Tiger Woods puts Ryder Cup captain Jim Furyk in ‘awkward’ spot


Zak Keefer, Indy Star
Published 1:13 p.m. ET Aug. 8, 2018

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ST. LOUIS — It was back in January when Jim Furyk asked the 668th-ranked player in the world — a golfer who, at that point, was coming off a fourth back surgery and had made all of one start in the last 12 months — if he’d serve as vice captain for the United States Ryder Cup team.

Sure, Tiger Woods said. Then he told Furyk he wanted more. He wanted to play.

What likely sounded ludicrous at the time doesn’t anymore.

“That was probably a sign that I should have picked up a lot quicker on,” Furyk, the U.S. captain, admitted Wednesday ahead of the 100th PGA Championship at Bellerive Country Club. “I know Tiger always wanted to compete, but it became pretty (clear) — you know, quickly, by March, I saw that his game was in a lot better shape and his health was in a lot better shape.”

It was. And Tiger was about to prove it. Fourteen starts, five top 10s and 617 spots climbed in the world golf rankings later, Woods has put himself firmly in contention for one of Furyk’s four captain picks for the 2018 Ryder Cup, held in Paris at the end of September. Outside of a win this week at Bellerive — which would mark Woods’ first major championship triumph in a decade — a captain’s selection is the only way he’ll tee it up in Paris.

More: Expect birdies, anger on slow greens at Bellerive for PGA

More: Who will win PGA Championship at Bellerive? Our experts’ picks to win

It could present a dicey decision for Furyk, considering Woods is one of his three vice captains, along with Davis Love III and Steve Stricker. If it comes to that, Furyk acknowledged Wednesday that Woods will essentially have to recuse himself from the debate. It could be as simple as walking out of the room for 10 minutes while the remaining captains weigh his candidacy for a spot on his ninth Ryder Cup team.

Furyk speaks from experience. He had to do the same thing two years ago, when he served as a vice captain under Love, and the American captains were evaluating his candidacy as a player. (Furyk was eventually left off the team.)

“There was a time when the three of us were sitting in a conference room, and I went to the bathroom and came back 10 minutes later to kind of give them some opportunity to speak,” Furyk said. “It’s an awkward situation … I’ve known Tiger for a long time, and we’re friends, and I respect him. It’s not going to be a difficult process as far as having him having to recuse himself, and we’ll work those situations and issues like Davis and I did in the past.”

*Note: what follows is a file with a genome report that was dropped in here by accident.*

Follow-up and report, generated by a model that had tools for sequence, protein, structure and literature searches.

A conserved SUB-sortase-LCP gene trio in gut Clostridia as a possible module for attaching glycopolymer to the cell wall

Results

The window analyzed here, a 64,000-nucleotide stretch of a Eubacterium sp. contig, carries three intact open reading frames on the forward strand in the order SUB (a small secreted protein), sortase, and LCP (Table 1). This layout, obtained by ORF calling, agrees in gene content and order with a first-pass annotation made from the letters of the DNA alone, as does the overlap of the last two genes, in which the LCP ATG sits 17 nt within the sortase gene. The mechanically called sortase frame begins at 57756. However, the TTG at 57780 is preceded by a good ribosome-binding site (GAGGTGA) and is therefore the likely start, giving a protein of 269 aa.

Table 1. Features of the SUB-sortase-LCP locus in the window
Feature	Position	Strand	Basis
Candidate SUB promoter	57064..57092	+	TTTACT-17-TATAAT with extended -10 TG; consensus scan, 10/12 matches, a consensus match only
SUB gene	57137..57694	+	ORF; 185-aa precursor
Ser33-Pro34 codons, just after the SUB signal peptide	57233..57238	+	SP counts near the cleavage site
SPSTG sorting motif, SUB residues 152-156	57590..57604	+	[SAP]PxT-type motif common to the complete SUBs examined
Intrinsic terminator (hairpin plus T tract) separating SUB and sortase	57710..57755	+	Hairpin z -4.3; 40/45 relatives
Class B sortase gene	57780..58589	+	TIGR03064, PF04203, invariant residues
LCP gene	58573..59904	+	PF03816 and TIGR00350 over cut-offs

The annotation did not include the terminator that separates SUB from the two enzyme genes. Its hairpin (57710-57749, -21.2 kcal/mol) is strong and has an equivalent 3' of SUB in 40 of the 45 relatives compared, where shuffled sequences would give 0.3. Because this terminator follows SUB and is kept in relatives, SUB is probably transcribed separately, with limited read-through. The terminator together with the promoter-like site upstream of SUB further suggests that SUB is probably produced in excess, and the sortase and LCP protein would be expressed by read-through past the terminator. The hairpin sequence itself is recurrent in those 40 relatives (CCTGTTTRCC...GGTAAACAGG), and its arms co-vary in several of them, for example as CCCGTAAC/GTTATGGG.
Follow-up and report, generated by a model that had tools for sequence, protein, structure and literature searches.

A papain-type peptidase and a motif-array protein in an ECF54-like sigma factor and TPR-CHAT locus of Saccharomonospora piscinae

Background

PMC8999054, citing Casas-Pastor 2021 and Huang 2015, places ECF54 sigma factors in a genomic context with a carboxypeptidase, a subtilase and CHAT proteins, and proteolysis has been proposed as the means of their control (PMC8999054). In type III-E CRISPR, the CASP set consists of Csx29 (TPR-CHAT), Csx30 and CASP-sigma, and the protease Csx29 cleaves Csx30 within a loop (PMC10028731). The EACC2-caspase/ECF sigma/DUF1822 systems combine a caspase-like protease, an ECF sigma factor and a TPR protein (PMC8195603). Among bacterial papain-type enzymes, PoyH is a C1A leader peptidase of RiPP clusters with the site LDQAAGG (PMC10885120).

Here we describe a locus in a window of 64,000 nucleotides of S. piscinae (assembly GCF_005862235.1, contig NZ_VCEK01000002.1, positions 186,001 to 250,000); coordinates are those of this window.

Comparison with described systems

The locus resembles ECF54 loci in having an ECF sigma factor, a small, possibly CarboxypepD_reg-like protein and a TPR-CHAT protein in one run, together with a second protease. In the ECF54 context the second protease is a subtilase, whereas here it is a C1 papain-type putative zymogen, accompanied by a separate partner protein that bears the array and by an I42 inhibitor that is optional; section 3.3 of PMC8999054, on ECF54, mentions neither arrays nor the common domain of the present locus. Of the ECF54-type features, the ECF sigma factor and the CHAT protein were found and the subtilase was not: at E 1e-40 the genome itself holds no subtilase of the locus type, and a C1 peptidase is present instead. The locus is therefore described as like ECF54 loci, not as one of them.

Woods currently sits 20th in the U.S. Ryder Cup standings, but is coming off his best finish at a major championship in five years, tying for sixth at the British Open last month.

“I’ve gone from basically zero to 20th in seven months,” Woods said Tuesday. “As I said last week, I’m trending. So that’s all I’m going to say.”

Furyk’s squad will try and do something no U.S. team has in a quarter century: Win on European soil. Europe has won six of the last eight matches, including every one held overseas dating to 1993. The challenge is a steep one.

“In theory,” Furyk said, his team will be facing “possibly the strongest team Europe’s ever fielded. We have our hands full.”

Dustin Johnson, Brooks Koepka, Justin Thomas, Patrick Reed, Bubba Watson, Jordan Spieth and Rickie Fowler are all considered locks for the squad. An eighth automatic qualifier will earn his spot by Sunday night; Furyk will announce his four captain’s picks by the third leg of the FedEx Cup in September. Those in the running, along with Woods: Bryson DeChambeau, Phil Mickelson, Tony Finau, Xander Schauffele, Matt Kuchar, Kyle Stanley, Kevin Kisner and Brian Harman.

After the resurgence he’s had in 2018, plus the experience he’d bring to a young U.S. team — Woods is 4-1-2 in singles matches across eight Ryder Cups — it’d be a stunner if Woods continues to play well in the coming weeks and still was left off the team.

“Best player ever,” Furyk called him Wednesday. “He’s been challenging this year, and moving up that points list, which has been fun to watch.”

Furyk, paired up with Finau and Schauffele for the first two rounds this week, vowed to keep a close eye on the contenders during the year’s final major.

“I have three or four weeks before I have to make those picks,” Furyk said, before turning his focus to Woods. “So trying to interpret whether he’s done enough or not done enough really is … it’s a position I don’t have to put myself in now. But, surely, it’s fun to see him put himself in the mix, and being 20th on the points (list) with very few events is a pretty good spot.”

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